Team System is the name given to a family of products that Microsoft released in conjunction with Visual Studio 2005. This family of products is an automation suite targeted at software developers. As a group, software developers suffer from a common malady. To paraphrase an old saying, "Developers sell automation, they don't use it." Team System isn't oriented around writing code but rather is oriented around providing tools to automate the process of creating an application. This process, called software configuration management, goes beyond just having a good source control system, which is why Microsoft is introducing a suite of related tools under the banner of Team System.
I want to start my discussion about Team System by bringing to light Microsoft's challenge: recouping its investment in developing Team System. Historically, Microsoft has kept prices low by developing OSs and office software that could be sold to a very large market. However, the Team System tools aren't going to be purchased by the average consumer or business user. Similar to Visual Studio (VS), Team System targets what is still a relatively small market.
Thus Microsoft needs to try to recover its development cost from the developer community. However, there are many developers who build products only as a hobby--and the Express Editions of Visual Studio 2005 already target this portion of the developer community. The fact is that the market for Team Services is currently only slightly larger than the market for those people who purchased a Microsoft Developer Network (MSDN) Universal Subscription. Up until this year, most of these subscribers were fulltime developers and not casual developers.
The MSDN Universal Subscription historically provided every tool a developer might need, including Microsoft SQL Server, Windows OSs, Microsoft Office, and Microsoft BizTalk Server. Each tool came with a limited license for development purposes. For a fulltime developer, this subscription was a cost-effective way to keep the tools they need at hand.
Microsoft realized that if it were to add Team Services to the MSDN Universal Subscription, the cost of this subscription would have to increase dramatically. So, Microsoft replaced the MSDN Universal Subscription with a set of related MSDN products, each targeting a different subset of Team System products. Developers will probably pay about the same for one of these subsets as they paid for the MSDN Universal Subscription. However, with this new product setup, developers who were accustomed to having all the Microsoft tools in one package will instead be limited to a subset of all the tools. This hasn't been the most popular change, and Microsoft is working hard to resolve the pricing issues. Microsoft is still accepting feedback, as evidenced by Rick LaPlante's WebLog (http://blogs.msdn.com/rickla/default.aspx), which I encourage you to participate in.
As Rick's WebLog demonstrates, at the heart of the debate is the Team Foundation Server (TFS). For most people, TFS is the replacement for Visual SourceSafe (VSS). Although Microsoft is releasing an updated version of VSS, which will continue to be available on MSDN, TFS is VSS's successor. However, as I noted previously, Team System is about automating software configuration management. Thus, TFS isn't just a replacement for VSS. TFS goes beyond just providing source control; it also provides a central repository for the assignment of work items. You'll even be able to store and report on your team's work items and directly report on and leverage automated test results. The key is that TFS is at the heart of automating the software development process. There are two excellent sources of information about this process. The first is Microsoft's official Team Development Web site at http://lab.msdn.microsoft.com/teamsystem/teamcenters/team/default.aspx. The second is Rob Caron's Blog at http://blogs.msdn.com/robcaron. Rob is an impressive blogger. His frequent posts target issues relevant to the development community. He's committed to getting the right answers to questions about how to start to use Team System.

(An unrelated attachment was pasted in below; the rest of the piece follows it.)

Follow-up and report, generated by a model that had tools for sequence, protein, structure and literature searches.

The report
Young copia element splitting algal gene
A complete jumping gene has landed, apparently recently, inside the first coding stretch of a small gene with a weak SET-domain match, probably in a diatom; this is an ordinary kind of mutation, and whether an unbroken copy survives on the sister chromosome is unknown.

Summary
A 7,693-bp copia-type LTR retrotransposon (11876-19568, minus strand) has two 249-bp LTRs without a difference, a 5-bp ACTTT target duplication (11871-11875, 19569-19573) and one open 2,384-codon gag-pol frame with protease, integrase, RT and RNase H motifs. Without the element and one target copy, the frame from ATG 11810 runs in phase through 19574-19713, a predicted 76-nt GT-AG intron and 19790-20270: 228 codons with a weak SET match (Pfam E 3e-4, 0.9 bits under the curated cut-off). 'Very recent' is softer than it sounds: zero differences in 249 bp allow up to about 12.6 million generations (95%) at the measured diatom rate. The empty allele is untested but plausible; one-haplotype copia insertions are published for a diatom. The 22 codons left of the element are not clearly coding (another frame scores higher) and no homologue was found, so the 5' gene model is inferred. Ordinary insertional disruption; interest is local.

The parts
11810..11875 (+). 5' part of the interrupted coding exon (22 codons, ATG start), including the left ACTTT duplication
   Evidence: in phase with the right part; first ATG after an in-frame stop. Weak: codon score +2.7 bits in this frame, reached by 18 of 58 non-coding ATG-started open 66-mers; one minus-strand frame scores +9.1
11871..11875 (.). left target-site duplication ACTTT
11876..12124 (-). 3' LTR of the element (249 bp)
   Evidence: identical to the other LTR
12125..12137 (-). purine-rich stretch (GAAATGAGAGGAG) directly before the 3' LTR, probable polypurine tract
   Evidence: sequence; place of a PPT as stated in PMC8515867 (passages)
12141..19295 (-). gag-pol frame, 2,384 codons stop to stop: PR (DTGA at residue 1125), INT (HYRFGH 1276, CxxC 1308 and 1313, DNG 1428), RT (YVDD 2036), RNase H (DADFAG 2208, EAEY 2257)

TFS will be a great product, so now is the time to start testing the beta and getting a feel for what it has to offer. However, before you take on the challenge of starting to set up TFS, read the information in the Visual Studio 2005 Team Foundation Server Beta 2 Installation Guide. You can download the latest version of this guide at http://www.microsoft.com/downloads/details.aspx?familyid=e54bf6ff-026b-43a4- ade4-a690388f310e&displaylang=en. If you're going to use virtual machines for this beta product, you'll also want to review a runtime configuration located in Buck Hodges' blog at http://blogs.msdn.com/buckh/archive/2005/04/19/409886.aspx.
As developers, we've all seen how the introduction of automated processes tends to trigger a period during which people are trying to catch up with how the tools have changed their jobs. In the end, we're no different from other professionals on whom automation is imposed. There will be a period during which we struggle with the new features of our now automated process.
However, the distillation of the MSDN Universal Subscription into subsets of Team System products can actually work to our advantage. There are too many techniques, technologies, and products for one developer to master everything. In my next column, I'll discuss the various subsets of Team System products, then present my view on how to decide which one to choose when you can pick only one.